The traditional hierarchy has been in deep trouble for years now because it was poorly equipped to respond to the new business needs. Conventional wisdom of the last decade has called for more responsive, flatter, team based structures. The most significant movement to create such horizontal, process-oriented structures is business process reengineering.
However, as Riel Miller, an economist working with the Alliance for Converging Technologies, put it: “The necessity of adding knowledge at every step in the value chain is beginning to call into question the familiar notion of the firm as an organizational unit. The Net may be, at one and the same time, the source of both the demise and salvation of the firm as we have known it.”[i]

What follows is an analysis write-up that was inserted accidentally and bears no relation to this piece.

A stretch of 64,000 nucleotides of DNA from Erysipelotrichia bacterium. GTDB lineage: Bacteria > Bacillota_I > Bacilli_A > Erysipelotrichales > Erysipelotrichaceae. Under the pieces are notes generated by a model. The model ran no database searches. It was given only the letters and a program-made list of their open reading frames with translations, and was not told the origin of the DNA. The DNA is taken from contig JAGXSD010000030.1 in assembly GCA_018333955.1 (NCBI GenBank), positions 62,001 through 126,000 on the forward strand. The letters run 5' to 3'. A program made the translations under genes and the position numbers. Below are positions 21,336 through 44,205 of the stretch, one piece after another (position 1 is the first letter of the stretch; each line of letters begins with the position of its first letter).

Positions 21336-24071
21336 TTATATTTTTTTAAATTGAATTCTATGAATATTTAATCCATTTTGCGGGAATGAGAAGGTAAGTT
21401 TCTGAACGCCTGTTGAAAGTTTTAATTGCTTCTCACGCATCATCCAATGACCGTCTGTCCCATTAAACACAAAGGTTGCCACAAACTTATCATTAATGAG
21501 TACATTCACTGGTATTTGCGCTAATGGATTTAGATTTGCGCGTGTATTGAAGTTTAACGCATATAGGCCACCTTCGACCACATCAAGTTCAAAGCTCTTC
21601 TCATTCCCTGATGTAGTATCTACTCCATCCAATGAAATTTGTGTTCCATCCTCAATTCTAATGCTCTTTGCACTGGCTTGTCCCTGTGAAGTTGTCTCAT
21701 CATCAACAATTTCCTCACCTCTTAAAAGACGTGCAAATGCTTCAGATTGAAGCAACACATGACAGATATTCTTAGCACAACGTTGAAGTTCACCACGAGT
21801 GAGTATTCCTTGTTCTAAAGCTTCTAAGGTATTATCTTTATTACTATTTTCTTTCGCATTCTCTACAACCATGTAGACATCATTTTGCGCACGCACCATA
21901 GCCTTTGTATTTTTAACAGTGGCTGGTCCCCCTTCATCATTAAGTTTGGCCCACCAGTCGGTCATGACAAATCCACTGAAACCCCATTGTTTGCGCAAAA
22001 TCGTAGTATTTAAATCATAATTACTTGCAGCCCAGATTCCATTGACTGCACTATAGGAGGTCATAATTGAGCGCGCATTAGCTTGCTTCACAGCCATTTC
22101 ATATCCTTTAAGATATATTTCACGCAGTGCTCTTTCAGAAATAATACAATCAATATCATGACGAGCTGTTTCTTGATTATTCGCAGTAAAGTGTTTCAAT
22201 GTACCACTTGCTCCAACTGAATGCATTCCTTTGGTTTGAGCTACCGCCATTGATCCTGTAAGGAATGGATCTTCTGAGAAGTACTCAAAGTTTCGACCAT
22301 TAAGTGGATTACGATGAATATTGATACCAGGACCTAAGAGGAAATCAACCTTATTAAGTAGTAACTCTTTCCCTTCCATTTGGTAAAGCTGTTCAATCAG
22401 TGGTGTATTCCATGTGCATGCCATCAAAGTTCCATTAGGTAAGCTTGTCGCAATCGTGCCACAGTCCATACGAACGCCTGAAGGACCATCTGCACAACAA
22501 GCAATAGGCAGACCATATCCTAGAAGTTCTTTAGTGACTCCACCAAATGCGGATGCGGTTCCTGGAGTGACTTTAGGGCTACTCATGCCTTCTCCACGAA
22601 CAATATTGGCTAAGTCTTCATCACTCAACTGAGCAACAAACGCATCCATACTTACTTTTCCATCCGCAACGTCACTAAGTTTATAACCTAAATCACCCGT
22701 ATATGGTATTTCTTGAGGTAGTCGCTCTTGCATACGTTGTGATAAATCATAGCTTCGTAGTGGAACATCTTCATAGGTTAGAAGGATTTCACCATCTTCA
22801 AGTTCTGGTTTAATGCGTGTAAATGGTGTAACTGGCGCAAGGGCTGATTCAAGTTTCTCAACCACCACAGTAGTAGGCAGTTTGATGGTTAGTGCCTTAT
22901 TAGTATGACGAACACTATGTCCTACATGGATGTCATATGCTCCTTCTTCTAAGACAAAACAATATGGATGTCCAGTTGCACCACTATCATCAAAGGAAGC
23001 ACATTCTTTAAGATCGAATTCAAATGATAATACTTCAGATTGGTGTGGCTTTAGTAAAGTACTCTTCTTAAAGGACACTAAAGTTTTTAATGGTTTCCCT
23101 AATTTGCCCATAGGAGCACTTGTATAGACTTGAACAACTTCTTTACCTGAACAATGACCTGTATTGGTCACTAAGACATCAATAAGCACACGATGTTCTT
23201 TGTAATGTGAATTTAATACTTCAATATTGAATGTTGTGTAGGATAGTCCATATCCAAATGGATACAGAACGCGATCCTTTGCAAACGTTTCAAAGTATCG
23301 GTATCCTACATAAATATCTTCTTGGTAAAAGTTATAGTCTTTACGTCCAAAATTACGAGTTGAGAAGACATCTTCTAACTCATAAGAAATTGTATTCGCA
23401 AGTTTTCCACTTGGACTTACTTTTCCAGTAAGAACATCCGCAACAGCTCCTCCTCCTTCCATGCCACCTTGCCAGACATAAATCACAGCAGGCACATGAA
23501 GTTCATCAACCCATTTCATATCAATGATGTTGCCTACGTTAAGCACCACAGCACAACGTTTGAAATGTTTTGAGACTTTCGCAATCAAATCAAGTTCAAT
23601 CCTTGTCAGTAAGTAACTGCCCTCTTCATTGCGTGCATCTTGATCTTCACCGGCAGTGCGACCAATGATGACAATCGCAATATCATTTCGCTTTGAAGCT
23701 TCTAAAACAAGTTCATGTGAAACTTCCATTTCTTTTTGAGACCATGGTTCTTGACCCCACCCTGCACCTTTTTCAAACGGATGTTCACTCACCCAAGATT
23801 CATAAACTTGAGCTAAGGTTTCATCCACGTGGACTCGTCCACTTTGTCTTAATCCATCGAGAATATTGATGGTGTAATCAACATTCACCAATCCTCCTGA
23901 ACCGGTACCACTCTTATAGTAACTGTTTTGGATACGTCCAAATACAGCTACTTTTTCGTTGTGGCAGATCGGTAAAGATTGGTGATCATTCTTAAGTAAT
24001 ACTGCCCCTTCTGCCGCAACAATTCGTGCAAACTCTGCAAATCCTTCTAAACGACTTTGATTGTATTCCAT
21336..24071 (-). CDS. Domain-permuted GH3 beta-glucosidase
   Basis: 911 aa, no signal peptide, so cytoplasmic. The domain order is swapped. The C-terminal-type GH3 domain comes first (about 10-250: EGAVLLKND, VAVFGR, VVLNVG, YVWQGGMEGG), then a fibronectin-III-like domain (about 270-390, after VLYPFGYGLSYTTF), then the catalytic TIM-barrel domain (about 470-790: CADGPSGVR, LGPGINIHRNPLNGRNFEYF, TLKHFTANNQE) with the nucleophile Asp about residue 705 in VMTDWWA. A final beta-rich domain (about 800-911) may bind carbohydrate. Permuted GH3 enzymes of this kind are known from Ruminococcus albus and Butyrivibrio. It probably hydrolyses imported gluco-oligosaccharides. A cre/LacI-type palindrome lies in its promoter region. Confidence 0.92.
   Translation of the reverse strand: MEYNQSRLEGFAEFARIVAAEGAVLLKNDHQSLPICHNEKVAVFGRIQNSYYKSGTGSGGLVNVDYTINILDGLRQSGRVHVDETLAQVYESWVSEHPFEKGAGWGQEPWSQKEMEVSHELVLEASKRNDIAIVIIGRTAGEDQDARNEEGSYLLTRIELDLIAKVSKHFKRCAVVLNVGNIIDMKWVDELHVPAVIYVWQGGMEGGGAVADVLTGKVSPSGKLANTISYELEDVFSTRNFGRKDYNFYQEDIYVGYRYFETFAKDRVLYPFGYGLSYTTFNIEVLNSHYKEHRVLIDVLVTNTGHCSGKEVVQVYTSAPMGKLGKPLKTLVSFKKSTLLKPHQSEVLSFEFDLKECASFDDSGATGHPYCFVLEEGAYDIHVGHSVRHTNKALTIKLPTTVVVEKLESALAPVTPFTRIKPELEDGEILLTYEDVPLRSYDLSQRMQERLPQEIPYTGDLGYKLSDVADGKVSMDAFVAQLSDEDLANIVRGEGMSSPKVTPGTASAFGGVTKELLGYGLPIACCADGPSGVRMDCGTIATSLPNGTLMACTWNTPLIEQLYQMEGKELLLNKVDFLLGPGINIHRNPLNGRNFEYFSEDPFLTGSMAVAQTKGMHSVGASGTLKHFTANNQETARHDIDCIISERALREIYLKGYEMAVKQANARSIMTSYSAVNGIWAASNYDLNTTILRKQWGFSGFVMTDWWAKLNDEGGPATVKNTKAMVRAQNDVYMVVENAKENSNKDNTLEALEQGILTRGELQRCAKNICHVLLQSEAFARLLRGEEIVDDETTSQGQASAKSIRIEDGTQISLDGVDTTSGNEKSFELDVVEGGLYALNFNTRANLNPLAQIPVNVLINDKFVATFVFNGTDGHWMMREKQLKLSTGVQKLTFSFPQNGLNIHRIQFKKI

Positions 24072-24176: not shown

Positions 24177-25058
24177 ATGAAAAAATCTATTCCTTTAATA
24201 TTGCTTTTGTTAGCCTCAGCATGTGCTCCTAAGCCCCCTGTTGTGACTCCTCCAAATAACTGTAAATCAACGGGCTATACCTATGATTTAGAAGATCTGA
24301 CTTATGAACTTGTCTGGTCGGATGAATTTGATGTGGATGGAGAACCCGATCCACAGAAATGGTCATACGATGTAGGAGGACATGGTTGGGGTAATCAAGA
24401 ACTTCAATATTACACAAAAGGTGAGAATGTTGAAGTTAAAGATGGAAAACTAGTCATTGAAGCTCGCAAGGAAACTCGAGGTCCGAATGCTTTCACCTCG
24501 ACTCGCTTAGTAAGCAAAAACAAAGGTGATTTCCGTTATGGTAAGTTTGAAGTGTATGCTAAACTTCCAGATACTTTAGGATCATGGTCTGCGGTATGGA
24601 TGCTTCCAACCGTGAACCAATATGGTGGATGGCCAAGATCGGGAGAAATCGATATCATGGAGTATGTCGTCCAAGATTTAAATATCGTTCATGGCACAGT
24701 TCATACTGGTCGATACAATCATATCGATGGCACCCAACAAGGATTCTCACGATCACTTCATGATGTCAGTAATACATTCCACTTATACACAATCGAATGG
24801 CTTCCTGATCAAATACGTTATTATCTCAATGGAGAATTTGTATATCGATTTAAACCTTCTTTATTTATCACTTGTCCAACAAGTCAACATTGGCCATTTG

Over fifty years ago a famous economist, [Ronald] Coase, asked why firms exist. Why are there groups of people working together under one organizational framework? He wondered why there is no market within the firm. Why is it unprofitable to have each worker, each step in the production process, become an independent buyer and seller? Why doesn’t the draftsperson auction their services to the engineer? Why is it that the engineer does not sell designs to the highest bidder?